The Washington, D.C.-based U.S. Green Building Council (USGBC) is a 501 c3 non-profit organization committed to a prosperous and sustainable future for our nation through cost-efficient and energy-saving green buildings.
With a community comprising 78 local affiliates, nearly 16,000 member companies and organizations, and more than 162,000 LEED Professional Credential holders, USGBC is the driving force of an industry that is projected to contribute $554 billion to the U.S. gross domestic product from 2009-2013. USGBC leads an unlikely diverse constituency of builders and environmentalists, corporations and nonprofit organizations, elected officials and concerned citizens, and teachers and students.
Buildings in the United States are responsible for 39% of CO2 emissions, 40% of energy consumption, 13% water consumption and 15% of GDP per year, making green building a source of significant economic and environmental opportunity. Greater building efficiency can meet 85% of future U.S. demand for energy, and a national commitment to green building has the potential to generate 2.5 million American jobs.
Mission: To transform the way buildings and communities are designed, built and operated, enabling an environmentally and socially responsible, healthy, and prosperous environment that improves the quality of life.
Vision: Buildings and communities will regenerate and sustain the health and vitality of all life within a generation.
Guiding Principles: USGBC’s Board of Directors has articulated “guiding principles” that will help us all with the decisions we make every day about USGBC and its programs. In an industry predicated on innovation, the principles provide us with clarity and continuity, while also giving us the flexibility to grow and respond to a rapidly changing market.
- Promote the Bottom Line: USGBC will pursue robust triple bottom line solutions that clarify and strengthen a healthy and dynamic balance between environmental, social and economic prosperity.
- Establish Leadership: USGBC will take responsibility for both revolutionary and evolutionary leadership by championing societal models that achieve a more robust triple bottom line.
- Reconcile Humanity with Nature: USGBC will endeavor to create and restore harmony between human activities and natural systems.
- Maintain Integrity: USGBC will be guided by the precautionary principle in utilizing technical and scientific data to protect, preserve and restore the health of the global environment, ecosystems and species.
- Ensure Inclusiveness: USGBC will ensure inclusive, interdisciplinary, democratic decision-making with the objective of building understanding and shared commitments toward a greater common good.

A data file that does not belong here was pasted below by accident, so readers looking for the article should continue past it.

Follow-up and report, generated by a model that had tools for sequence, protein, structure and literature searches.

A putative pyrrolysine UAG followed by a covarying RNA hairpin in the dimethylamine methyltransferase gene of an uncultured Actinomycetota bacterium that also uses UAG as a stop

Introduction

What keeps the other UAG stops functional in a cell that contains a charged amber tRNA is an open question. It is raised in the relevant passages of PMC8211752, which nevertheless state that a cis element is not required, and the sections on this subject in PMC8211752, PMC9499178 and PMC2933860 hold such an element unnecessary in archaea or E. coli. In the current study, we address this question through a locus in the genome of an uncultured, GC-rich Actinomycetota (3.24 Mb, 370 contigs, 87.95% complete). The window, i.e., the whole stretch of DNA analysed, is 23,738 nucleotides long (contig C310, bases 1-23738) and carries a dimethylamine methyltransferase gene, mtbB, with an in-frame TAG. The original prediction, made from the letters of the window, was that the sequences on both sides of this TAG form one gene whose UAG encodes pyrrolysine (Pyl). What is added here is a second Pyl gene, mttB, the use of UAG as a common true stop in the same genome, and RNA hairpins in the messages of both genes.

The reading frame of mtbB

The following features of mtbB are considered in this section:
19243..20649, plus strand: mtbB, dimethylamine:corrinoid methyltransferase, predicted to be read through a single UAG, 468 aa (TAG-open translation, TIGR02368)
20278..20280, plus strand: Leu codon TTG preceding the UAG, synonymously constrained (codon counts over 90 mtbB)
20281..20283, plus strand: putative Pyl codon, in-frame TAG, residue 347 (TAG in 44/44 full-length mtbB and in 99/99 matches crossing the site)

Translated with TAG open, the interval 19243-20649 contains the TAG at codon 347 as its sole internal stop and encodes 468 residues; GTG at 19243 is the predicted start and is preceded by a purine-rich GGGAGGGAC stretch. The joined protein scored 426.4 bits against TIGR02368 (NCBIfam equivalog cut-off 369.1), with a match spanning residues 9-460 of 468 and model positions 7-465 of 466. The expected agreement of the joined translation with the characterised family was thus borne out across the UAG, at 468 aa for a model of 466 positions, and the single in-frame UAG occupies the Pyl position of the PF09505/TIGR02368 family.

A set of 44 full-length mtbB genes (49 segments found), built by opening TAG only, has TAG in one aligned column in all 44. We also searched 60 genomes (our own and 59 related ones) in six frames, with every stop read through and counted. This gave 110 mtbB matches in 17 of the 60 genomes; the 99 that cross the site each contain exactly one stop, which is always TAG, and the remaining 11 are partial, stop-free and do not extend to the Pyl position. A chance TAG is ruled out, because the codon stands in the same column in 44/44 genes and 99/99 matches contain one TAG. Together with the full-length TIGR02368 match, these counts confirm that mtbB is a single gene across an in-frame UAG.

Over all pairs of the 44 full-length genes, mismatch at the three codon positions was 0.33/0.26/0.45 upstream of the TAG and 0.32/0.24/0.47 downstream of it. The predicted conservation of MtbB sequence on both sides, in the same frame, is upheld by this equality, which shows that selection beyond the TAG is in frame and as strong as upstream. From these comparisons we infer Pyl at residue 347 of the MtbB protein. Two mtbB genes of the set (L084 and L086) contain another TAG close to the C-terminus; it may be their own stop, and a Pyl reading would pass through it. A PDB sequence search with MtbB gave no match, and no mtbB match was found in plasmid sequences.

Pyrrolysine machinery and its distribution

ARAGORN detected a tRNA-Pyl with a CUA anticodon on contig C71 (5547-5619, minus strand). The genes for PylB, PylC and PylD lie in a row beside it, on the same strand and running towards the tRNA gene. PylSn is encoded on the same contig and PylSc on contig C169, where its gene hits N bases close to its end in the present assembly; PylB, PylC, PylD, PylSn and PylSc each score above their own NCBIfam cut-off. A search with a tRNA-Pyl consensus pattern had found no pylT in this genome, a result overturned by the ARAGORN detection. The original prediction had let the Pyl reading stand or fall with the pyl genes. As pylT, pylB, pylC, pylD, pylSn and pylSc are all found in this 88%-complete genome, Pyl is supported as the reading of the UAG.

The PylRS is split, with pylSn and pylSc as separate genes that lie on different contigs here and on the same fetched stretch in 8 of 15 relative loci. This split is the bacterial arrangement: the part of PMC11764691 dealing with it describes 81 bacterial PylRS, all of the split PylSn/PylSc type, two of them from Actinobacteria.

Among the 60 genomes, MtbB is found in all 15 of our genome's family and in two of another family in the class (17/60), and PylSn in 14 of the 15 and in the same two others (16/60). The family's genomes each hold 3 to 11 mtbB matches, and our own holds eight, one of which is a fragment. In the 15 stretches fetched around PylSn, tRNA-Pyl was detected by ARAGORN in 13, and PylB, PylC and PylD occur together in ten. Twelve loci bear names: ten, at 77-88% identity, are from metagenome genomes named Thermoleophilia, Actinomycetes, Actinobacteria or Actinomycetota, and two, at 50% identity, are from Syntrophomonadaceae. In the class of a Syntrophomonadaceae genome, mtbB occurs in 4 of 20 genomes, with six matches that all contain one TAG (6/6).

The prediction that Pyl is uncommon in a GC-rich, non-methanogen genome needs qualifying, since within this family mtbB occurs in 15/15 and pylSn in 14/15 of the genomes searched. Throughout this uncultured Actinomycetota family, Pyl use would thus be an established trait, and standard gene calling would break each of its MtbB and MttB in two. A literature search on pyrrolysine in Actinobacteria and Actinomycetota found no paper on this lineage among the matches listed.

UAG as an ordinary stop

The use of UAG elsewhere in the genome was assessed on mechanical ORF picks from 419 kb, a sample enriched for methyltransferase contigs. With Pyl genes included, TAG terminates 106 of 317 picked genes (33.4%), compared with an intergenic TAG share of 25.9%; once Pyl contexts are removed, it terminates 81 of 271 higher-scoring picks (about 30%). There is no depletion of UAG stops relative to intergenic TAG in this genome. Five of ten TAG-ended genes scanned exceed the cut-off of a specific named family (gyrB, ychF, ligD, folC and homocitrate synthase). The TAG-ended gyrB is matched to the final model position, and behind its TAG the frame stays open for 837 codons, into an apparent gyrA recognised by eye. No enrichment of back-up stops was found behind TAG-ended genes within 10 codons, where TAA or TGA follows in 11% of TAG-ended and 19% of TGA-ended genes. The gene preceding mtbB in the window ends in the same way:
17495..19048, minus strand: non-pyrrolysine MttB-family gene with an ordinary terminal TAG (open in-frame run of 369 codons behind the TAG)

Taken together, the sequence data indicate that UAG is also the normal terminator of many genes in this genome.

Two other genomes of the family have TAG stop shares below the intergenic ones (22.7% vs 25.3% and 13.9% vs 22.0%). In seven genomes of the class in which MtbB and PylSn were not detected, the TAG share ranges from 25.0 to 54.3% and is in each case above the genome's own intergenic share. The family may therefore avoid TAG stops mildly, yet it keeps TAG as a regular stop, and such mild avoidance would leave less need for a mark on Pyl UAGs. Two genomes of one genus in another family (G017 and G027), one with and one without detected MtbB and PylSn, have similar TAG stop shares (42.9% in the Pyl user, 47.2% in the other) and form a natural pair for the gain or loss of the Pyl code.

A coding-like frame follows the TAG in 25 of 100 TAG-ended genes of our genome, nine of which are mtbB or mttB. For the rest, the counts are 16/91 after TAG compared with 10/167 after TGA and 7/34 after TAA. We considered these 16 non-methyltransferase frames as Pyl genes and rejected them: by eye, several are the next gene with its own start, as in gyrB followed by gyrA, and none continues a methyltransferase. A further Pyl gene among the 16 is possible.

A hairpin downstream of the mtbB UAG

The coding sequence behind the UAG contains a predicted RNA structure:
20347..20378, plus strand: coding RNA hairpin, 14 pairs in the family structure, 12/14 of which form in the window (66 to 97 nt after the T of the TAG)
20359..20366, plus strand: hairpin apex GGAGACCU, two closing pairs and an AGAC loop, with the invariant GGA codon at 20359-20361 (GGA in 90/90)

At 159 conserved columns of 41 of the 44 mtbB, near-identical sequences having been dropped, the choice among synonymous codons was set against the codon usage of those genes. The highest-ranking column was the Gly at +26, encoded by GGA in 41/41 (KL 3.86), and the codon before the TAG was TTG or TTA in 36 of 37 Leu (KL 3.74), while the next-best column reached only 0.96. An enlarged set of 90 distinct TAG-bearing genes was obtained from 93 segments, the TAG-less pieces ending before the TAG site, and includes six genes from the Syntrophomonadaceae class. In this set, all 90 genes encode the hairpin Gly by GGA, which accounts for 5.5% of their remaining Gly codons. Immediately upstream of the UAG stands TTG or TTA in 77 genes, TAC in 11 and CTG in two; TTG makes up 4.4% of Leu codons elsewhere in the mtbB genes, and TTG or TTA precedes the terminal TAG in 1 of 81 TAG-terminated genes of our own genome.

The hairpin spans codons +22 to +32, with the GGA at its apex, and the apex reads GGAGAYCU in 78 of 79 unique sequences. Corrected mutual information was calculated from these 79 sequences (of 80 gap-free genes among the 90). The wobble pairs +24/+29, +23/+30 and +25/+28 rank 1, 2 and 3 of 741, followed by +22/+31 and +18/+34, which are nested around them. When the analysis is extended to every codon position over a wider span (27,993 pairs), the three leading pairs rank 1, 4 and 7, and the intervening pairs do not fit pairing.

- Exhibit Transparency: USGBC shall strive for honesty, openness and transparency.
- Foster Social Equity: USGBC will respect all communities and cultures and aspire to an equal opportunity for all.
USGBC Education: LEED, or Leadership in Energy and Environmental Design, is an internationally-recognized green building certification system. Developed by the U.S. Green Building Council (USGBC) in March 2000, LEED provides building owners and operators with a framework for identifying and implementing practical and measurable green building design, construction, operations and maintenance solutions.
LEED promotes sustainable building and development practices through a suite of rating systems
that recognize projects that implement strategies for better environmental and health performance. The LEED rating systems are developed through an open, consensus-based process led by LEED committees, diverse groups of volunteers representing a cross-section of the building and construction industry. Key elements of the process include a balanced and transparent committee structure, technical advisory groups that ensure scientific consistency and rigor, opportunities for stakeholder comment and review, member ballot of new rating systems, and fair and open appeals.
LEED is flexible enough to apply to all building types – commercial as well as residential. It works throughout the building lifecycle – design and construction, operations and maintenance, tenant fitout, and significant retrofit. And LEED for Neighborhood Development extends the benefits of LEED beyond the building footprint into the neighborhood it serves. LEED also makes business sense, benefiting commercial building owners as well as tenants.
Information provided by U.S. Green Building Council Website